Diabetics soon may be able to test their glucose levels in their saliva, rather than pricking themselves to draw blood for testing.
Researchers at Brown University have created a biochip that can measure glucose levels in saliva with the same basic accuracy as blood tests, according to a paper published the scientific journal Nano Letters. It's a significant achievement considering that glucose concentrations in saliva are 100 times lower than those in blood.
Interestingly, detecting glucose is less about biological testing and more about subatomic particles and light. The new biochip is tiny, created with nanotechnology, and measures not fluids or chemical compounds, but light waves, according to a statement from Brown.
The biochip captures and collides photons and electrons inside a tiny groove. When they collide, the atoms emit light waves, which change intensity in the presence of glucose. It's that light intensity change that the Brown biochip actually measures to determine glucose concentrations in the saliva.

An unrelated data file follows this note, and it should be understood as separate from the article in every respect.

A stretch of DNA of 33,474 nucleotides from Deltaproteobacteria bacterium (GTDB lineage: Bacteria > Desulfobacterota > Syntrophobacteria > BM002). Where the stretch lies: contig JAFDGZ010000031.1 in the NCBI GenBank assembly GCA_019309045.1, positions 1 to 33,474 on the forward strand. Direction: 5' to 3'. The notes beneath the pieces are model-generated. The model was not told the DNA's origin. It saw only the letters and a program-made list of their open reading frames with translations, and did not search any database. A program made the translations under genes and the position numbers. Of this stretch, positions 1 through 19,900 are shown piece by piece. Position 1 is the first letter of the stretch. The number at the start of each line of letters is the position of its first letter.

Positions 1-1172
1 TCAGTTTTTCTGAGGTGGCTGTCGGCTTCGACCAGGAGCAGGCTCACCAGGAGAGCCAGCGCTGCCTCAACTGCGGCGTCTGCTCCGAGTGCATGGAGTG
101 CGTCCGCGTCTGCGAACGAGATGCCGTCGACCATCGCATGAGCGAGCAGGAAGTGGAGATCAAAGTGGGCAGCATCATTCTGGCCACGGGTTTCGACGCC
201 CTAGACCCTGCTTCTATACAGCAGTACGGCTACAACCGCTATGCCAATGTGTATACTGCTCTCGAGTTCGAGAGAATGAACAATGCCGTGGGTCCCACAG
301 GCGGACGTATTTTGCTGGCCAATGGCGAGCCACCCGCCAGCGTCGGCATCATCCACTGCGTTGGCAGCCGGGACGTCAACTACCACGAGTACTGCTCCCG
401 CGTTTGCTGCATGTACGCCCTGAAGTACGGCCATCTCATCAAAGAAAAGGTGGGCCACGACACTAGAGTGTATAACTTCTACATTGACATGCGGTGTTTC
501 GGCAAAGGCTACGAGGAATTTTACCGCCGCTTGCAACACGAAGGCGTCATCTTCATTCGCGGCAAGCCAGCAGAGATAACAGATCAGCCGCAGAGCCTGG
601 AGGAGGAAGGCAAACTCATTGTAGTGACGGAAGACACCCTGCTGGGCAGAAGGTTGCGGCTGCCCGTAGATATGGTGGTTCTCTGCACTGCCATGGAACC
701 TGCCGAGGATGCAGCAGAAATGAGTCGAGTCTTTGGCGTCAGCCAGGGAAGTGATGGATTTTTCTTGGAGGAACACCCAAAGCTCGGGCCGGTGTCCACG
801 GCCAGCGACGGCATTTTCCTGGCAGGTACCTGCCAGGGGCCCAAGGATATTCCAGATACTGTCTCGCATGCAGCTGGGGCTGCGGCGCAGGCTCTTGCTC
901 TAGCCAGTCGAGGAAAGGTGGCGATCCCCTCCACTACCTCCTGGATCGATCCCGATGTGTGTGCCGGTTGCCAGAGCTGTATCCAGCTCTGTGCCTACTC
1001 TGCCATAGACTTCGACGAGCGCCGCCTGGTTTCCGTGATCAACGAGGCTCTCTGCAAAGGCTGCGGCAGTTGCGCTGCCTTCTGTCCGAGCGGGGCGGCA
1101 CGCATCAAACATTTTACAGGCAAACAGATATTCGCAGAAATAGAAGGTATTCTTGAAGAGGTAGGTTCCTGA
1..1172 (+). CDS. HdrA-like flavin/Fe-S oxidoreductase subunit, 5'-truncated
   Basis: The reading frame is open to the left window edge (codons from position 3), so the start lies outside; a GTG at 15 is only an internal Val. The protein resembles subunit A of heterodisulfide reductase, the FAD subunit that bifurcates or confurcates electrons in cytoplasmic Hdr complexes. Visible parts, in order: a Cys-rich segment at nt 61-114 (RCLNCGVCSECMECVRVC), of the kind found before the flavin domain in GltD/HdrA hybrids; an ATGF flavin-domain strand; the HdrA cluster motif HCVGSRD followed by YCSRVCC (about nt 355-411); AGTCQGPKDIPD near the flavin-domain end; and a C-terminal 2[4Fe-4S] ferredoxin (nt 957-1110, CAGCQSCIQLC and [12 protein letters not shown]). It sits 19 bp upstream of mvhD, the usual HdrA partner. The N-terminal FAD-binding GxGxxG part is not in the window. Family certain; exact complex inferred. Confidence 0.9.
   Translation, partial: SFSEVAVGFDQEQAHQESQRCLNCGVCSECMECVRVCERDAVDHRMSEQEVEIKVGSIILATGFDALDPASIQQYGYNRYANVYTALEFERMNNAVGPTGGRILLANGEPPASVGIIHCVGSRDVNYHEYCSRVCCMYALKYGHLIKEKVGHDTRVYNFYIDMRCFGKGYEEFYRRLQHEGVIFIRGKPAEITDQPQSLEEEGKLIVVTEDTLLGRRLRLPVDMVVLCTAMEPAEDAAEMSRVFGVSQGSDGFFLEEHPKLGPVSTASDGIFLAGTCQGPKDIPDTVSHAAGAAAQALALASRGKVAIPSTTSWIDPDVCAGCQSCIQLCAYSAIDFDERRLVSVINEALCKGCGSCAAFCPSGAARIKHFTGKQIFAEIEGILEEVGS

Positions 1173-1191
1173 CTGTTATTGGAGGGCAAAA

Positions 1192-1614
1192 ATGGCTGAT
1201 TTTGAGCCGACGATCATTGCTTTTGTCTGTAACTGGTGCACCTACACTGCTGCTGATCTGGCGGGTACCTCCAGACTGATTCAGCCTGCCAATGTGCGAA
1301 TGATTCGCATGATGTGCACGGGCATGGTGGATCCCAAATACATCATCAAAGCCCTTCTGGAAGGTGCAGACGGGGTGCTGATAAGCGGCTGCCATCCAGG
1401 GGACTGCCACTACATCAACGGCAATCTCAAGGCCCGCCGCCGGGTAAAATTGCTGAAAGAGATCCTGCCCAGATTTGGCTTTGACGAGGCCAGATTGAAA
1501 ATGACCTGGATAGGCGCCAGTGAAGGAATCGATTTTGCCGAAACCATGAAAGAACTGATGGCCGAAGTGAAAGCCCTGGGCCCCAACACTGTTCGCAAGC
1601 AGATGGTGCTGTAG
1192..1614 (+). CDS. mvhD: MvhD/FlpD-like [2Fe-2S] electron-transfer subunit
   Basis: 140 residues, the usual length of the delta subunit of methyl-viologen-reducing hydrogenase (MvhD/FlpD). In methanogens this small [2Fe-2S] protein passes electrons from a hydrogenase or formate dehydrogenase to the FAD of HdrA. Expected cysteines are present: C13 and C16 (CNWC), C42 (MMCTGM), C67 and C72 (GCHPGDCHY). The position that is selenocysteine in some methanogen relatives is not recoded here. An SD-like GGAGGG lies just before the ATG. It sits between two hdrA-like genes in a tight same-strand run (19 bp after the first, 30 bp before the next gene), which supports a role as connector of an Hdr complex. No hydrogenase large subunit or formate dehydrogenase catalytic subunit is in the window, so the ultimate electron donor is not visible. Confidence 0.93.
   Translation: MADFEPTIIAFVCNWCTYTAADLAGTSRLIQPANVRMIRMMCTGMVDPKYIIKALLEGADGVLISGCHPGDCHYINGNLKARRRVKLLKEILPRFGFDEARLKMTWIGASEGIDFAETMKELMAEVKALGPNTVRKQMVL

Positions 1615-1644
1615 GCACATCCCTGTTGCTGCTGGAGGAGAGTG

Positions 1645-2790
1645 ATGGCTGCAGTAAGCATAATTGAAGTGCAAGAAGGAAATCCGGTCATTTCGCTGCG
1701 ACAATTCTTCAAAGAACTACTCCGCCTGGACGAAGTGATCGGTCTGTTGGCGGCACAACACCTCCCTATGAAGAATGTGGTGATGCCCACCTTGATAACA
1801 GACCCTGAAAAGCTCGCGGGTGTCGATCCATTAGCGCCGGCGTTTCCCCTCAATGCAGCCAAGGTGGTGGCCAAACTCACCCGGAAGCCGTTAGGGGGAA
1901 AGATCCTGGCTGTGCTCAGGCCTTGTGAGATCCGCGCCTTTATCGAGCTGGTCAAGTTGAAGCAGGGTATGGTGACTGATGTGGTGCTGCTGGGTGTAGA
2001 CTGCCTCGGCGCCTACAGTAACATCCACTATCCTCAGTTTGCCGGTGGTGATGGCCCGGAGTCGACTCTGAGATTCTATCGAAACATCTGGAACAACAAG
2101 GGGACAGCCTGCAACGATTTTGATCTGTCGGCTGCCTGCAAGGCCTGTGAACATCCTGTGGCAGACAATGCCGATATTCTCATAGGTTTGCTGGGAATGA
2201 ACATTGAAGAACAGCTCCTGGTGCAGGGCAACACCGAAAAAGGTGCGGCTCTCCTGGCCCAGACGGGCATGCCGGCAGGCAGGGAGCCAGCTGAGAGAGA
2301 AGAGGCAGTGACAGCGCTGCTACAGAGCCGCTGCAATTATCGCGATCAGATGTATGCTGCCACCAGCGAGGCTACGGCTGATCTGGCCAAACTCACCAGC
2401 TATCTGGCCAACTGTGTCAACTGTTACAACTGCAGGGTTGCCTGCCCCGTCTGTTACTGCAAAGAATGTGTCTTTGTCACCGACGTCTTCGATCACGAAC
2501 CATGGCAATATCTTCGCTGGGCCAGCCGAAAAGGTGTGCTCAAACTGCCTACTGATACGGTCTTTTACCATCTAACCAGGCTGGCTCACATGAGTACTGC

According to researchers, the biochip ultimately may be able to detect other isolates in human saliva, "from anthrax to other biological compounds." They're tweaking the biochip to try for other biomarkers, possibly even conducting multiple tests at the same time, with the same chip, researchers said. We reported on similar technology created by Rice University researcher John McDevitt in November.
It's an interesting new approach to diabetes testing. Just a few weeks ago, we reported on the creation of a contact lens by University of Washington researchers that could detect glucose levels in the fluid around the eye. And last summer, scientists at Northeastern University in Boston developed a nanosensor technology that could be injected under the skin, and read by passing a fluorescent light--attached to an iPhone--over the patch of sensors. The light intensity shows the patient's glucose levels.
To learn more:
- read the Brown University press release